Popular histories present the Boston Tea Party as a rebellion against taxes. Yet what the colonists objected to more than anything was the idea of an all-powerful corporate middleman regulating commerce. They viewed the 1773 protest in Boston Harbor as a victory for liberty and a blow against the British East India Company’s trade monopoly.
That corporation owed its dominance not to any proprietary advantage but to an exclusive British government charter. The artificial nature of this power was made clear soon after the Congress of the new United States signed a peace treaty with Britain. Six weeks later, the American ship Empress of China sailed from New York, bound for Canton. When the ship returned, its traders sold tea and porcelain on the open market. Without the active backing of the British state, the East India Company could not stop the sale—let alone determine who sold what, or where and how they sold it, in America.
But around the middle of the nineteenth century, Americans began to develop technologies that could not be broken into component pieces. This was especially true of the railroad and the telegraph. These expensive and complex networks were built across vast areas of land and required large teams of people to operate. This made the earlier solution to monopolies—dissolution—impossible. If Americans planned to take full advantage of these technological advances, they would have to regulate the actions of the corporations that controlled them.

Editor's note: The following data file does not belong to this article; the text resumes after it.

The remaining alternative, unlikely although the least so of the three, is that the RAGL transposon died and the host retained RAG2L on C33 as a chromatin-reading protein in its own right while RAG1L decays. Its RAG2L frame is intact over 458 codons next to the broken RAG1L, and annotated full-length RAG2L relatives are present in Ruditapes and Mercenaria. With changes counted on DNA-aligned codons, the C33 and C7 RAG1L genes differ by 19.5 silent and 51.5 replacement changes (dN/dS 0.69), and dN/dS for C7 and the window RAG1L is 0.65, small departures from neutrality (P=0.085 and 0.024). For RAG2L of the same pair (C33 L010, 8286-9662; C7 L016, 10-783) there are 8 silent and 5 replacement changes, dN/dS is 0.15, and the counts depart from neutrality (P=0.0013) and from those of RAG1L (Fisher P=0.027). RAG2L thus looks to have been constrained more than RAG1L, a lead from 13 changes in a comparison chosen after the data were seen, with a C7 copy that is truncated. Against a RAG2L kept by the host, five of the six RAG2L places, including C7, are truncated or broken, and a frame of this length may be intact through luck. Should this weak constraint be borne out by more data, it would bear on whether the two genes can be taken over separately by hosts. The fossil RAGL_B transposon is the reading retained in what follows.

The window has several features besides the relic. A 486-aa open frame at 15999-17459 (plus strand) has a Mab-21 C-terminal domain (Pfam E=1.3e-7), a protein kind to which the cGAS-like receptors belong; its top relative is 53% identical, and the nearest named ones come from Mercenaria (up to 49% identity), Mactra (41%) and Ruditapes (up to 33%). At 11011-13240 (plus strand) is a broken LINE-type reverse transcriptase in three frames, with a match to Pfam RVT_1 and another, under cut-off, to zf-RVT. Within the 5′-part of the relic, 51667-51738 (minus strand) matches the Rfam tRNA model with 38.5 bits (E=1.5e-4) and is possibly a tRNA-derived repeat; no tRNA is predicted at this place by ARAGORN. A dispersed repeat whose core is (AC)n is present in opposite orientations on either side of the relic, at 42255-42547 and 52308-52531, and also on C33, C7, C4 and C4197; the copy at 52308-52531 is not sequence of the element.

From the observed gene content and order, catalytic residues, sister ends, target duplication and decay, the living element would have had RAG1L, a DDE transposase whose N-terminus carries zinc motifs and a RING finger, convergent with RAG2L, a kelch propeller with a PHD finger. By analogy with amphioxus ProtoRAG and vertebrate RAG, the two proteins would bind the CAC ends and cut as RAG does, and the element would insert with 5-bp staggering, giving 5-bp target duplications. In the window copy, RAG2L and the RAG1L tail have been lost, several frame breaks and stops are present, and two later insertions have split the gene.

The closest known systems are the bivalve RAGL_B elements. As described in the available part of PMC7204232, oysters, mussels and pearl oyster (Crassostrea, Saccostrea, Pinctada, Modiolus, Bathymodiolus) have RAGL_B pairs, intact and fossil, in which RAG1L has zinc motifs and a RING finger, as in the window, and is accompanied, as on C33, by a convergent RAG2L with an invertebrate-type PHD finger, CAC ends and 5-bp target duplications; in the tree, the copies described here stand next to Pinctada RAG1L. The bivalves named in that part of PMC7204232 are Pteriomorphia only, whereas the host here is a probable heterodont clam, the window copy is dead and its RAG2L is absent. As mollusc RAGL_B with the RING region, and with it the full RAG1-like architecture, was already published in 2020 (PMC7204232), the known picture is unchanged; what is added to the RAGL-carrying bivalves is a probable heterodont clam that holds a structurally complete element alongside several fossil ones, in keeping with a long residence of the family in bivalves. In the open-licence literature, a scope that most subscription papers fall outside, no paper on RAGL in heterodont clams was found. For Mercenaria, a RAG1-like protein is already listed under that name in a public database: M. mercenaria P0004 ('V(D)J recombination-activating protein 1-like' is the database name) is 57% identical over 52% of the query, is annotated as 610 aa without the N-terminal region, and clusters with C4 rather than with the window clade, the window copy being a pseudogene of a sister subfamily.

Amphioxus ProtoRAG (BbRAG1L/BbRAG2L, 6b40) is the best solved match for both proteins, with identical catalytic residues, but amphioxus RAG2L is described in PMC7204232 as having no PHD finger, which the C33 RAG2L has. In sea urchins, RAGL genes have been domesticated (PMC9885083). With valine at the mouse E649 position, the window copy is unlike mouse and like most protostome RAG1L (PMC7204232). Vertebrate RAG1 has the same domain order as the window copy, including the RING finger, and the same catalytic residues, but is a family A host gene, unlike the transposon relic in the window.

Such corporations posed one overarching challenge: they charged some people more than others to get to market. They exploited their control over an essential service in order to extort money, and sometimes political favors. The system of “discriminations made between individuals . . . is the most serious evil connected with our present methods of railroad management,” the Yale professor Arthur T. Hadley explained in 1885. “Differences are made which are sufficient to cripple all smaller competitors. . . and concentrate industry in a few hands.”
Americans found the answer to this problem in common law. For centuries, the owners of ferries, stagecoaches, and inns had been required to serve all customers for the same price and in the order in which they arrived. In the late nineteenth century, versions of such “common carrier” rules were applied to the new middleman corporations.
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